Prussia was ill-suited for lengthy wars, and a Prussian collapse
seemed imminent on account of casualties and lack of resources, but
after two more years of campaigning, Frederick was saved by the
"Miracle of the House of Brandenburg" — the Russian exit from the
war after the sudden death of Empress Elizabeth in 1762. Prussian
control of Silesia was confirmed in the
Treaty of Hubertusburg
Treaty of Hubertusburg (1763).
Severe casualties had led the king to admit middle class officers
during the war, but this trend was reversed afterwards.
The offensive-minded Frederick advocated the oblique order of battle,
which required considerable discipline and mobility. This tactic
failed at Kunersdorf largely because of the terrain, which could not
be used to an advantage, and because the Russians had arrived early
and fortified themselves on the high ground. Frederick used oblique
order to great success at Hohenfriedberg and later Leuthen. After
a few initial salvos, the infantry was to advance quickly for a
bayonet charge. The Prussian cavalry was to attack as a large
formation with swords before the opposing cavalry could attack.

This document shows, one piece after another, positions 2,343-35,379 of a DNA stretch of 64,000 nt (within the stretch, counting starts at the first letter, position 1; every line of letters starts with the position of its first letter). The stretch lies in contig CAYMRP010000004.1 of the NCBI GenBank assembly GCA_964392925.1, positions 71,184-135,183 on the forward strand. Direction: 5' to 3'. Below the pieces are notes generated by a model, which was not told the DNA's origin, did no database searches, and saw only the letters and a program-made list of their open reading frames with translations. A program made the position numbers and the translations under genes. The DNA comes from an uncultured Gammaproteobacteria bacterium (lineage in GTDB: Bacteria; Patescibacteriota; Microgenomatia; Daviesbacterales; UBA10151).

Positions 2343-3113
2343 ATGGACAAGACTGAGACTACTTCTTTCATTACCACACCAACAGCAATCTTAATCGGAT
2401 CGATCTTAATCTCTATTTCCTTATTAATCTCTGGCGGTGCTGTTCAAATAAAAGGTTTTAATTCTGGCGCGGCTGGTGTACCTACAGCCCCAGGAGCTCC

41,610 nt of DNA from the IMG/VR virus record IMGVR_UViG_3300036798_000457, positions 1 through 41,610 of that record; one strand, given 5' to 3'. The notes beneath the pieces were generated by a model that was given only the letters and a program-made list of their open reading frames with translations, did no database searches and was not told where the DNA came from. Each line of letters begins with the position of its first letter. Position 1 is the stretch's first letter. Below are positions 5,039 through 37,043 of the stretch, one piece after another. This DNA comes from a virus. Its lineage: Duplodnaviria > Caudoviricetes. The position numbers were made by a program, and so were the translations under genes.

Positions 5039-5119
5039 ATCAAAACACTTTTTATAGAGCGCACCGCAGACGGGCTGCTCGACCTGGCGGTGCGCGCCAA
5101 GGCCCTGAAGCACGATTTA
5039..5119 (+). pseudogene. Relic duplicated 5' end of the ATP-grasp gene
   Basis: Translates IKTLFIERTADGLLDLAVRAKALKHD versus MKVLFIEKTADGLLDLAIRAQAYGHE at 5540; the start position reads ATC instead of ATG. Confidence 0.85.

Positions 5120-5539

An army with a country
Death's Head Hussar, print by Richard Knötel.
The first garrison began construction in Berlin in 1764. While
Frederick William I wanted to have a mostly native-born army,
Frederick II wanted to have a mostly foreign-born army, preferring to
have native Prussians be taxpayers and producers. The Prussian
army consisted of 187,000 soldiers in 1776, 90,000 of whom were
Prussian subjects in central and eastern Prussia. The remainder were
foreign (both German and non-German) volunteers or conscripts.
Frederick established the Gardes du Corps as the royal guard. Many
troops were disloyal, such as mercenaries or those acquired through
impressment, while troops recruited from the canton system displayed
strong regional, and nascent national, pride. During the Seven
Years' War, the elite regiments of the army were almost entirely
composed of native Prussians.
By the end of Frederick's reign, the army had become an integral part
of Prussian society and numbered 200,000 soldiers. The social classes
were all expected to serve the state and its army — the nobility led